Martes foina Beech marten Two mandibles and a femur, together with a metatarsal and metacarpal bone occur in the deposits. However these may well be relatively modern, given the history of the species, which only appeared in Europe in the Late Pleistocene or the early Holocene.
Ursus spelaeus Cave bear  There are two lower jaw, upper jaw and skull fragments, 30 molars, 25 incisors, 21 canines and fragments thereof, limb fragments, in total 120 pieces. Some smaller molars and phalanges may belong to Ursus priscus, the steppe brown bear.
Rodents and lagomorphs (rabbits, hares, and pikas)
Castor fiber Eurasian beaver There is an incisor fragment of 7·5 mm width and a distal humeral end. The two incisors mentioned by Hacker were not found when the collection was searched.
Glis glis Edible dormouse A skull, several lower jaws, and a few teeth belong to this species, for a total of 20 pieces.
Lepus timidus Mountain hare An incisor, several humeral fragments, a femur, cheekbones and some root bones from the spine, in total nine pieces, were found.
Lepus variabilis Blue hare These include: lower jaw fragments in 38 pieces, upper jaw fragments 5 pieces, some incisors, 25 cheekbones, 15 humeri, 30 scapula, 20 ulnar fragments, 4 femurs, 15 tibiae, 10 calcanei, 22 pieces of carpal and tarsal bones and two vertebrae.
Microtus arvalis Common vole A lower jaw of this species was found.
Microtus sp. Vole Two lower jaw fragments and two femora were found, unable to be identified to species.
Dicrostonyx torquatus Arctic lemming Two well-preserved lower jaws occur.
Cricetus cricetus European hamster A lower jaw occurs in Hacker's list, but it was unable to be found in the collection itself.
Elephas primigenius Wooly Mammoth Of this form, only three molar lobes and four root fragments of molars, which originate from the ?Cultural Layer? Culturschichte; furthermore, the pierced one mentioned above belongs here the tusks made button-shaped platelets.
Sus sp. Boar Two incisors and one canine fragment, both definitely of diluvial (modern) age, a juvenile mandibular fragment and a humerus fragment of a small Sus form, similar to Sus palustris.
Bos primigenius Aurochs A lower jaw fragment and three cheek teeth were found, as well as a radius, an ulnar fragment, the distal end of a tibia and, possibly, six separate molars.
Bos taurus Cattle Cattle left two metacarpals, a metatarsus, an astragalus, and a phalanx, probably from recent deposits.
Capra ibex Alpine ibex A well-preserved skull fragment without a facial bone was present, as well as two lower jaw fragments, a mandibular fragment with p3, p2, m1 and m2, and many other bones and fragments.
Capra aegagrus Wild goat Two mandibular fragments with teeth, a radius fragment, a distal humeral fragment and two phalanges were recorded.
Ovis ammon Argali The argali, or mountain sheep, is a wild sheep that roams the highlands of Central Asia ( Himalaya, Tibet, Altay ). Included in the collection are a maxillary fragment with three molars. a maxillary fragment with p1, p2 and m1, an inferior m3, a distal humeral half, and a juvenile humerus.
Saiga tatarica prisca Saiga ( extinct species ) Included in the collection are a mandibular fragment with m1, m2 and m3, three lower m3, and a phalanx I and phalanx II.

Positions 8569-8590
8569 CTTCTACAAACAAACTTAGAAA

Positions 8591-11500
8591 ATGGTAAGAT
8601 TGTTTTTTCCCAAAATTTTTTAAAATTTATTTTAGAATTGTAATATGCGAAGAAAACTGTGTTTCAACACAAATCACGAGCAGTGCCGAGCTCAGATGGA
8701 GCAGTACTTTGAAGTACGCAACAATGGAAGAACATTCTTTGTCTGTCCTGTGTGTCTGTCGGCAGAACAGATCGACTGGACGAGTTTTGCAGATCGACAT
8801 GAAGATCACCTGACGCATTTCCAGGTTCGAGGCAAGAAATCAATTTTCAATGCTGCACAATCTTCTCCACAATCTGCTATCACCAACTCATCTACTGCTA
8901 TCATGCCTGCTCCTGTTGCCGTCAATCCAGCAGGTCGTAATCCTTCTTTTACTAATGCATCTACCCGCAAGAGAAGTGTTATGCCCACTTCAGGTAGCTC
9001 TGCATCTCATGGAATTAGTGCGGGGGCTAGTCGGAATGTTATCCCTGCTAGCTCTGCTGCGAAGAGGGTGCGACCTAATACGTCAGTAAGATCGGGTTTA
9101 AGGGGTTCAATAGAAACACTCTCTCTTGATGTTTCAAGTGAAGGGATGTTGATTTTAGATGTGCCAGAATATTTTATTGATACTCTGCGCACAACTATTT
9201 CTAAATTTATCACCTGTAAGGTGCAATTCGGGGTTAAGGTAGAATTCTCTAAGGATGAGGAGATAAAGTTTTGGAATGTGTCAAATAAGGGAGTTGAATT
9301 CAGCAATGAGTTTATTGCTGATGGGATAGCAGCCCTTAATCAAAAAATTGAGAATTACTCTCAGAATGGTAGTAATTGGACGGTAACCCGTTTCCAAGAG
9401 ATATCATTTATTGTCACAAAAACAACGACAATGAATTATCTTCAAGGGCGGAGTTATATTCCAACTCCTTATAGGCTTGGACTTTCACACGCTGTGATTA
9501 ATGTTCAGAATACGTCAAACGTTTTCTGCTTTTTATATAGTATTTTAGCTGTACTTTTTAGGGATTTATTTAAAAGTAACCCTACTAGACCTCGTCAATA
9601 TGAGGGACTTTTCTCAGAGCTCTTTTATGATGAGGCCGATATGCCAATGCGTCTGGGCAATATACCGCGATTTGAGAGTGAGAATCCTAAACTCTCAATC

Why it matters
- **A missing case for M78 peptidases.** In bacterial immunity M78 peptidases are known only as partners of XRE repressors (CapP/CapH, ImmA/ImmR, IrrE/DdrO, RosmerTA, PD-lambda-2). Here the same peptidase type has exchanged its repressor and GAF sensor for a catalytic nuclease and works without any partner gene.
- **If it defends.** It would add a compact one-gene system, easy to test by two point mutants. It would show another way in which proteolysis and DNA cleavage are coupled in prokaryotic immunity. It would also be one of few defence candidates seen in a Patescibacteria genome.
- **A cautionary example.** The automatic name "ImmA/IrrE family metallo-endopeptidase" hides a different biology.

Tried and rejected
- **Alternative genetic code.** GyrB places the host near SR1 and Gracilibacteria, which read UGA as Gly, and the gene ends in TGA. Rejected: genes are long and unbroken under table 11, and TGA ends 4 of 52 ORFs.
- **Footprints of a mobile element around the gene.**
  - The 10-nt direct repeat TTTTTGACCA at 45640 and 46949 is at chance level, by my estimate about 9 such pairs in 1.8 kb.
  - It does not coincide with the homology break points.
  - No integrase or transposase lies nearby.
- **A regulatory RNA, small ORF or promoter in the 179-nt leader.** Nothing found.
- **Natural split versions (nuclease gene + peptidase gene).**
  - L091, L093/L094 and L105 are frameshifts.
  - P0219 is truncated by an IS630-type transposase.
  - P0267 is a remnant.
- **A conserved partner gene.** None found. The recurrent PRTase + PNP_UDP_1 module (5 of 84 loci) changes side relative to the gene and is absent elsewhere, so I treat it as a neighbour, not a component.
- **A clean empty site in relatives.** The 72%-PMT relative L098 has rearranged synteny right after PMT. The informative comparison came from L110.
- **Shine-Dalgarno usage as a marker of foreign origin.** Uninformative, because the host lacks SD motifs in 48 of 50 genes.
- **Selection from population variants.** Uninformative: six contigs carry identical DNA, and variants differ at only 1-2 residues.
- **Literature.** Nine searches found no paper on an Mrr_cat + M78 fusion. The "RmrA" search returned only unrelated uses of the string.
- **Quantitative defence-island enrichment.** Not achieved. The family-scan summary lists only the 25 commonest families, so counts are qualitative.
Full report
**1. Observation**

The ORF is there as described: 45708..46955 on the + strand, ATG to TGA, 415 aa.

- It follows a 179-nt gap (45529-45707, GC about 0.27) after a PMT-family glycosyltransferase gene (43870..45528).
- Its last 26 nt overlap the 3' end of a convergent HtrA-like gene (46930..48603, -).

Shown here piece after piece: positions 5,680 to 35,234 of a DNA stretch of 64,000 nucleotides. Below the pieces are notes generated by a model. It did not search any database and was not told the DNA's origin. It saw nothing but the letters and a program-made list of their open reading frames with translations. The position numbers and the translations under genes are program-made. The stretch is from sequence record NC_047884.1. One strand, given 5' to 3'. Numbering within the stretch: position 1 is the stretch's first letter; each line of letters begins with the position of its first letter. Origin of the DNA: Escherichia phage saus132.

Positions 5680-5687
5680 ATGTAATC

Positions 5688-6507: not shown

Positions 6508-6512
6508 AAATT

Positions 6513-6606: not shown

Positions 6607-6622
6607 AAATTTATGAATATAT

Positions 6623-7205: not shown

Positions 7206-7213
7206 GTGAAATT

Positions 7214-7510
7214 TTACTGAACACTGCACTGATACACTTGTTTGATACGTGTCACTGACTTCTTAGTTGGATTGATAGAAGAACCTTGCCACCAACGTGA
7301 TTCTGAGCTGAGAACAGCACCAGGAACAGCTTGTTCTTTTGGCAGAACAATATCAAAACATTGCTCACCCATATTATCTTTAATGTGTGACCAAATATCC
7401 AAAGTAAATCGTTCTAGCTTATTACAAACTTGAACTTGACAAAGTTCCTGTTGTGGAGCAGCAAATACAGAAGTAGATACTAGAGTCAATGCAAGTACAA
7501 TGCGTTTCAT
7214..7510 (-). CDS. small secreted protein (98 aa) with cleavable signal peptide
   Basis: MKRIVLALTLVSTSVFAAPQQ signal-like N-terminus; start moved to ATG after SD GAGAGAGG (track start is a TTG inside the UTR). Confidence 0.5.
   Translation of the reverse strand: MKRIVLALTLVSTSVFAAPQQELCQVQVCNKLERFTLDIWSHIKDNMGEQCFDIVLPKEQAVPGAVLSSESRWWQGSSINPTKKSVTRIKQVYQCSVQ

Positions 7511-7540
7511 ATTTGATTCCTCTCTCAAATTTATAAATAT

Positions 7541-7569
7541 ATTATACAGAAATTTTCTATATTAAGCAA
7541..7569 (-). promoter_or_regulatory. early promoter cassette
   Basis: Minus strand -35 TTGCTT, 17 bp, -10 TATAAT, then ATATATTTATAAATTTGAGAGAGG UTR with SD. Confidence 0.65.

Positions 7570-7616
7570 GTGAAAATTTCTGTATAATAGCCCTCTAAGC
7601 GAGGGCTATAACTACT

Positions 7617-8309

Capella rupicapra Chamois Included here are a forehead and a fragment thereof, both of a very heavy animal, two lower m3, two upper molars, two Calcaneus ( heel bone ) fragments and one possible phalanx II.
Antelope sp. Antelope There is a small, simply curved, right frontal forehead, which can only be a small antelope.
Rangifer tarandus Reindeer 35 antler fragments, 20 lower jaw and maxilla fragments, 300 teeth, two pelvic fragments used as small bowls, as well as many other bones.
Capreolus capreolus Roe deer There are two frontal bone fragments with foreheads of adult individuals, as well as a possible juvenile frontal bone fragment of this species.
Cervus elaphus Elk or wapiti Key morphological differences that distinguish C. canadensis from C. elaphus are the former's wider rump patch and paler-hued antlers. Remains from Gudenushöhle include: a metacarpus, a humeral fragment, phalanges and other fragments, for a total of 9 pieces.
Perissodactyla is a group of herbivorous mammals characterised by the possession of either one or three hoofed toes on each hindfoot. They include the horses, asses, zebras, tapirs, and rhinoceroses.
Equus ferus ferus Tarpan Also known as the Eurasian wild horse, the Tarpan was a subspecies of wild horse. It is now extinct. The collection includes four molars, limb bone fragments and phalanges, for a total of 30 pieces.
Equus fossilis minor (literally) Small wild horse Woldřich (1882) equates this to the modern domestic horse, Equus ferus caballus. The collection includes 12 pieces of teeth, mandibular and maxillary fragments, limb fragments and phalanges, giving 66 pieces altogether. As well, there are more than 100 pieces of broken teeth belonging to Equus, 30 pieces of root bones and 20 pieces of various bone fragments.
Coelodonta antiquitatis Woolly rhinoceros There are three molars with thick enamel, and a fragment of a fourth molar.
There are 900 bones of birds in total.
This order of birds includes all the birds of prey.
There are three skeletal fragments of unidentified raptors.
Order Passeriformes, Suborder Passeri (songbirds or oscines)
This group contains approximately 5000 species.
Turdus merula Common blackbird One torso metatarsus was found.
Cinclus cinclus White throated dipper A torso metatarsus.